It was 4:40 a.m., and I was sitting in the Panorama Lounge of the newly minted Avalon Saigon, wide awake. I'd have loved to chalk it up to a combination of jet lag and adrenaline, but really, I was restless. It would be another hour before the sun began to peek over the rust-colored Mekong River, and I couldn't wait another minute.
I bided my time, taking full advantage of the strong WiFi connection while my fellow shipmates were in what I assumed was a blissful state of slumber. Email sent at 4:41 a.m.
An hour later, the mist enshrouding the banks along the river started to lift, and glints of orange, pink and purple began their morning dance off the bow. Nearby, a pair of fishermen cast a wide net, tangles of emerald-green jungle and sweeping vistas giving way to soaring mountains in the distance.
This is life along the Mekong, a river abounding in so much history and natural beauty that one could spend a lifetime here and not be able to fully capture its majesty.
Stretching some 2,700 miles and shaping the borders of Cambodia, Vietnam, Thailand and Laos, the Mekong is not only the largest river in Southeast Asia, it is the lifeblood for some 70 million Vietnamese and Cambodians who call it home. For the next 12 days, from the comforts of Avalon Waterways' newest all-suite ship, I, too, would be calling this home.
The Royal Palace in Phnom Penh has been home to Cambodian royalty since the 1860s.
Local families, local flavors
As we began our journey northbound, leaving Saigon in our wake, our first stop found us not far upstream in Vinh Long, where we met a multigenerational family that infuses whole snakes in rice wine to create a purportedly curative drink.
After taking a quick sip and living to tell the tale, we toured the property, where a delightful coconut-based candy and a variety of rice snacks are also produced, before heading back for lunch on the boat. Later, on another afternoon excursion a bit farther upstream in Cu Lao Gieng, we were invited to meet a builder of sampans, small boats that are native to the region.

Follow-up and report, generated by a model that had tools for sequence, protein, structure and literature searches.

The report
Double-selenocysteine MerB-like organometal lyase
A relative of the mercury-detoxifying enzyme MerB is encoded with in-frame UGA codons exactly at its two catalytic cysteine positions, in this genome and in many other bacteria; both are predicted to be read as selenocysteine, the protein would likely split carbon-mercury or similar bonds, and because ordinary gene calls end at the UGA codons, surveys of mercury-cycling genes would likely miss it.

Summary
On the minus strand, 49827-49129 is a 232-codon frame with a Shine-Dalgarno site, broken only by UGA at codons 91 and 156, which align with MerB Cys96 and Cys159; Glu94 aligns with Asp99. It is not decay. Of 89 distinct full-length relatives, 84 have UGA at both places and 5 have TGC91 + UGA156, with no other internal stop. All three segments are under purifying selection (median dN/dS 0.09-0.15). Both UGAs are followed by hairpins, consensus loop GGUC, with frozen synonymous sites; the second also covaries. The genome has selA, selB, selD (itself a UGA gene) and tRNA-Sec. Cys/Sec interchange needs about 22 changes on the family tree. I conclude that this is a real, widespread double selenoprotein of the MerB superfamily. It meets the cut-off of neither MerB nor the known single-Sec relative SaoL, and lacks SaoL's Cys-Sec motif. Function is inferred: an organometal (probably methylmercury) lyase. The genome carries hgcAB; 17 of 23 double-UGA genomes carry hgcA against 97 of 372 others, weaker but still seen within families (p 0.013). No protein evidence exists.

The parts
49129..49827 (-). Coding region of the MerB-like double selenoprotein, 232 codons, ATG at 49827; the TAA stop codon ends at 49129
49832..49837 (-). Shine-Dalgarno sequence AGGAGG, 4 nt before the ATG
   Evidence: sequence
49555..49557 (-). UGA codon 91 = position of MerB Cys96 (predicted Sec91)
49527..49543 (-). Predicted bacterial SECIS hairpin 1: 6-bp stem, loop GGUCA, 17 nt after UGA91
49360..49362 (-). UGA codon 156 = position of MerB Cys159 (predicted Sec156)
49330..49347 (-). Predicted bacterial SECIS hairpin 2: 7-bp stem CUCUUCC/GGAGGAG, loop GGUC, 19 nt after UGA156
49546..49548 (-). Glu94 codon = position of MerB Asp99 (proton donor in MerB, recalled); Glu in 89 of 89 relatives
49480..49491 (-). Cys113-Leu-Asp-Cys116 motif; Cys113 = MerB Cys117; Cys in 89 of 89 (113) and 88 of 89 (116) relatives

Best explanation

Our journey continued much like this over the next 12 days, stopping in villages in Vietnam and Cambodia, meeting with a Viet Cong veteran and his family one afternoon and visiting local textile makers and monks the next. After each morning and afternoon excursion, we'd come back home to a cool drink, cold compress and the familiar faces and greetings of an exceptionally accommodating crew.
Onboard, the Avalon Saigon is designed to resemble a five-star, boutique hotel with 18 spacious rooms accommodating up to 36 passengers. Every room is equipped with floor-to-ceiling, panoramic sliding doors, a signature of the Avalon's new design aesthetic, as is the generously sized marble bathroom with rainfall shower.
The elegantly carved teak and hardwood floors throughout the ship were a nice bonus, as it was a sheer pleasure walking barefoot through its halls.
A suite onboard the ship with floor-to-ceiling, sliding glass doors.
Cocktails and karaoke
At night, the whole group would convene in the lounge for happy hour cocktails until we'd hear the sound of the gong calling us for an always delicious multicourse dinner of Vietnamese-Khmer fare, after which we'd retire to our rooms for a nightly movie ranging from the French drama "Indochine" to the comedy "Good Morning, Vietnam."
There was a raucous karaoke night and sing-along sessions to "This Land Is Your Land" and "Que Sera, Sera."
Every morning at 6:30, tai chi would kick the day off before our adventures began. Eventually, I settled into life onboard and a regular sleep cycle. After all, who needs WiFi when you have a beautiful world passing by?
Along with its sister ship the Avalon Siem Reap, the Avalon Saigon cruises from Ho Chi Minh City, Vietnam, to Phnom Penh, Cambodia, on a 13-day itinerary starting at $2,869.